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I am trying to understand the difference between the two concepts mathematically and also graphically.

Regarding the probability density function (pdf), I know that it shows the probability of a continuous random variable having a value that belongs to an interval. What I don't know is how we make the transition from probability mass function (pmf) to pdf. I would like to know this, as additional knowledge, but it's not the point of my thread, but I'd appreciate links/pdf etc regarding this.

My problem is to understand the difference between pdf and the continuous probability distribution. In fact my problem is understanding the continuous probability distribution.

Example : we have the normal pdf. It's a function that whose value depends on a continuous variable and we can plot it, and we would get the bell shaped graph. So I understand the meaning of pdf, how we express it mathematically and how it looks graphically.

Now I want to know the same about the normal continuous probability distribution.

What it means?

How we express it mathematically?

How it looks graphically?

By knowing the answer to the above 3 questions then I can understand how it's different from the pdf.

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I suspect what you are calling a "continuous probability distribution" is more commonly called a cumulative distribution function. (If not, I'd be interested in knowing which source seemed to indicate that they are different.)

Indeed, the probability density function $f$ and the cumulative distribution function $F$ are the most important tools for working with continuous random variables. To give the meaning of $F$ (as you've done for $f$), it is simply \begin{equation} F(x) = \mathrm{Pr}(X < x). \end{equation} Mathematically, you can go from one to the other with \begin{align} f(x) &= \frac{d}{dx} F(x) \\ F(x) &= \int_{-\infty}^x f(y) dy \end{align} which are consistent with eachother by the fundamental theorem of calculus. Graphically, if it is still hard to get a sense of the shape from the above formula, you can go to the normal distribution Wikipedia article where both the pdf $f$ and cdf $F$ are plotted. Integrated bell curve from Wikipedia The latter looks like a smoothed out step function. Its minimum and maximum values are 0 and 1 respectively as required for a probability.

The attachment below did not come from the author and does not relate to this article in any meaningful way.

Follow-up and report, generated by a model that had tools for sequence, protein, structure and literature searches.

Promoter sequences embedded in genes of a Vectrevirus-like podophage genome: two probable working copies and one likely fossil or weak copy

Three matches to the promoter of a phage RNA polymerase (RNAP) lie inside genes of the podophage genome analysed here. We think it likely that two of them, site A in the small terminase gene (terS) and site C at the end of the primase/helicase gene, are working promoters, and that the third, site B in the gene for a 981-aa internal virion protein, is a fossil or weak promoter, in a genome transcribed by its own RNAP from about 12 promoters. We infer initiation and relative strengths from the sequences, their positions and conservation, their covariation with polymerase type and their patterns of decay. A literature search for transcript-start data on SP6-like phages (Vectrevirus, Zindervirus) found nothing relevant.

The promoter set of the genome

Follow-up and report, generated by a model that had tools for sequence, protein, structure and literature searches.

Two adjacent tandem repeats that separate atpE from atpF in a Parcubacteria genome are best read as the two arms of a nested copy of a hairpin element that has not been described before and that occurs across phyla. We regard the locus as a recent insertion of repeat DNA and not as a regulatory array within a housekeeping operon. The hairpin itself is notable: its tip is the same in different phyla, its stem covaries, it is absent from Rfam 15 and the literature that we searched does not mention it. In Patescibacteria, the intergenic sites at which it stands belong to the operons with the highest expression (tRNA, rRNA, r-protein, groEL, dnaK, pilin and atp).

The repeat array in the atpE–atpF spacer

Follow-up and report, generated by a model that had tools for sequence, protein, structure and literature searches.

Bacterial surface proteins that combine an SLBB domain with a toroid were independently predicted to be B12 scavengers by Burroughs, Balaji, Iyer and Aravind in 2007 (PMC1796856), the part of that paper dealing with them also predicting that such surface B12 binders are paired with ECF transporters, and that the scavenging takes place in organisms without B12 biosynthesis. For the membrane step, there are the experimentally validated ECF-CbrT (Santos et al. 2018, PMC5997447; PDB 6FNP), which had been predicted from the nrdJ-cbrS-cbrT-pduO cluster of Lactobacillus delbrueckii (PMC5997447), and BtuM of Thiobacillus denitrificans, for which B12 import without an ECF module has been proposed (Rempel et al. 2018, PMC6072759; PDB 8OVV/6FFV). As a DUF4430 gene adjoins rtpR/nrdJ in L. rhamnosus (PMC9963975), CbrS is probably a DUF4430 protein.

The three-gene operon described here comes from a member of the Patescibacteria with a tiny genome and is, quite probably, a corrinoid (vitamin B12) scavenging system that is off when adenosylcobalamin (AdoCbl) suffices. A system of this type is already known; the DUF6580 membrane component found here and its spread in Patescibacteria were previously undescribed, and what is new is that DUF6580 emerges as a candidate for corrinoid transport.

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  • $\begingroup$ Here i found the term contiuous probability distribution : en.wikipedia.org/wiki/… $\endgroup$
    – imbAF
    Jul 4 at 14:29
  • $\begingroup$ I think I made a mistake regarding pdf. pdf itself doesn't give your the probability of a variable having a value within a certain range, instead it's the CDF that uses the pdf in the integral with the integral boundaries being the extreme values of the interval from which the variable can take values from. Is this correct? $\endgroup$
    – imbAF
    Jul 4 at 14:36
  • $\begingroup$ That's right. Regarding "continuous probability distribution", Wikipedia isn't using that term to refer to a function per se. They just want to be able to say that the pdf and cdf are two different formulations of something so they call that something continuous probability distribution. $\endgroup$
    – Connor Behan
    Jul 4 at 14:41
  • $\begingroup$ One additional thing. If pdf doesn't give you the probability that the variable takes a certain value within an arbitrary range, then for the normal pdf for example, we have the sigmas whose meaning is the probability of the value being withing a certain range around the mean value. Is this infact the CDF? That you can also illustrate it via a graph? Sorry for the way I am expressing myself, but having no background in statistics and jumping to quantum statistical mechanics is a rough thing. $\endgroup$
    – imbAF
    Jul 4 at 14:47
  • $\begingroup$ For a normal distribution with mean zero, the sigma (standard deviation) is defined by $\sigma^2 = \int_{-\infty}^{\infty} x^2 f(x) dx$ which is not the CDF. However, for a definition in terms of the CDF, you can think of it as the number such that $F(2\sigma) - F(-2\sigma) = 0.95$. $\endgroup$
    – Connor Behan
    Jul 4 at 15:07

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